So my conclusion is: the warmer than normal storage did no harm to the beer. Understandably it is not the most preferred method of storage but in a pinch I would do it again without hesitation. The basic sanitation rules apply as always.
     
  8. Hawkbox

    Hawkbox Well-Known Member

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    I condition my kegs for at minimum 2-3... days.
     
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  9. jeffpn

    jeffpn Well-Known Member

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    I've noticed some of my beers changing profoundly after I first tap them. But if you think about it, they are lagering in the keezer while they're on tap.
     
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  10. J A

    J A Well-Known Member

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    Most often beer is cold-crashed in the carboy (or bucket) before kegging. It doesn't have to be but it really clears the yeast so that the there's less yeast sediment settling to the bottom of the keg. Whether you cold crash or not, you can force carb and let it sit at room temp for a while.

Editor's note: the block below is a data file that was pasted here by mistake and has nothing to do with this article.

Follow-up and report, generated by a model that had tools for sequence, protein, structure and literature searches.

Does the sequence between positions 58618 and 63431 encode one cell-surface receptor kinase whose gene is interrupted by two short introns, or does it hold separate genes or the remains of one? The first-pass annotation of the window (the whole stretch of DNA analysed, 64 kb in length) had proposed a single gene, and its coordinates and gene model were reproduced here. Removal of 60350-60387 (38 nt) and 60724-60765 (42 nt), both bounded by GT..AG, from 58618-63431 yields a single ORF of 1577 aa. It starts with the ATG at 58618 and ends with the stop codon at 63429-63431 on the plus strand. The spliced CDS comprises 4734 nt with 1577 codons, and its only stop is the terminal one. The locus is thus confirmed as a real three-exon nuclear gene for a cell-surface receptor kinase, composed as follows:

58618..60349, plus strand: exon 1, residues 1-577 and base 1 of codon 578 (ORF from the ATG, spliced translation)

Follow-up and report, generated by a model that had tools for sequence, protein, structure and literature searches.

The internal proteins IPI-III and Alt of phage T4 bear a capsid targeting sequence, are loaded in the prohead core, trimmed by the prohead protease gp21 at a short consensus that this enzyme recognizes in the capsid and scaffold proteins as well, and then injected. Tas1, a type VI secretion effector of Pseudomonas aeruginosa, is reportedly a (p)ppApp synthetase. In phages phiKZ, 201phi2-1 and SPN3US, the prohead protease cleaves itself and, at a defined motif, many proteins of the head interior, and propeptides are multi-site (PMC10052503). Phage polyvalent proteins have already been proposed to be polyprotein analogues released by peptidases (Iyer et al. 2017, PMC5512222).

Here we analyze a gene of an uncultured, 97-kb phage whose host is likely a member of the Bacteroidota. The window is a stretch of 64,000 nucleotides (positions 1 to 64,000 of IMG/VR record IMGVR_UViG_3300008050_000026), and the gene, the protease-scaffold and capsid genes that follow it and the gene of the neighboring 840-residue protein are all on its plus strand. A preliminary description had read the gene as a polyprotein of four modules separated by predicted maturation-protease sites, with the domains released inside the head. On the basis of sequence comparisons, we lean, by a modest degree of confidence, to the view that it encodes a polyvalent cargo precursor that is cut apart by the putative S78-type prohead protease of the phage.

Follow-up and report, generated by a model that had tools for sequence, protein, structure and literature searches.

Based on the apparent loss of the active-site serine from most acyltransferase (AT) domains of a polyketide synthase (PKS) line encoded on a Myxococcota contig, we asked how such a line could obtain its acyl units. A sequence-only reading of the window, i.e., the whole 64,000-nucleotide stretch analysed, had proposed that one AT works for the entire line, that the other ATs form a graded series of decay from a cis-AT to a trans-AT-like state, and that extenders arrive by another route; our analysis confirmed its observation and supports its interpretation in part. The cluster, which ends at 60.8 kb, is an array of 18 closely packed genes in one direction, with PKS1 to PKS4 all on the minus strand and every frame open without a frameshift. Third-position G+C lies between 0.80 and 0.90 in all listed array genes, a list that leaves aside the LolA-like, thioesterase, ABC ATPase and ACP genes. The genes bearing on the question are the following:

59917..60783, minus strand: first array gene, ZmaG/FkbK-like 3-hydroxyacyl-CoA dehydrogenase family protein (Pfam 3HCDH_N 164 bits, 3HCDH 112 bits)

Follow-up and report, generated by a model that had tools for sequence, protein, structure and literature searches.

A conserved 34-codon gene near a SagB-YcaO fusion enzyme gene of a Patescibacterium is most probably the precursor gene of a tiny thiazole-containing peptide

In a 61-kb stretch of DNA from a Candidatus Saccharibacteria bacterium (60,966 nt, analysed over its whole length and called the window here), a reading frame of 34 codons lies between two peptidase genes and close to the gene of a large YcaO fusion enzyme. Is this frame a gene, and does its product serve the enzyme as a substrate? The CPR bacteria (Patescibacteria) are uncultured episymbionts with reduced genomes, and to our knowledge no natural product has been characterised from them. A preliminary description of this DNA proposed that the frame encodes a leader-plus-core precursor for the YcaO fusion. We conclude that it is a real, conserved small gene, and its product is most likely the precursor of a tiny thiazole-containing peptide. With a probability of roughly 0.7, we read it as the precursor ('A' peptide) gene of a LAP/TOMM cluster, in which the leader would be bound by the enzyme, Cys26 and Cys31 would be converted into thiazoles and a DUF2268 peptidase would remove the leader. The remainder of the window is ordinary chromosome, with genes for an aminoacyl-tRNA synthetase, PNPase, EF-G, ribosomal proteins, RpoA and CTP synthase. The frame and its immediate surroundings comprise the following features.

Definitely purge your keg...pressurize to 10 lbs or more and purge. Do that a couple of times and let it sit under pressure for a few minutes while you get everything set up to transfer.
    When you're ready to transfer, set the keg in place, release the pressure and pop the top. Inside the keg will be all filled with smokey mist. Proceed to siphon and keep your racking cane off the bottom so that you're getting clear beer with no yeast. I use a spring clamp on the racking cane to hold it at a certain level. I always prop up one edge of my carboy and direct the siphon to the lower edge. As it gets toward the bottom, I'll lower the siphon until it almost touches the yeast cake/trub.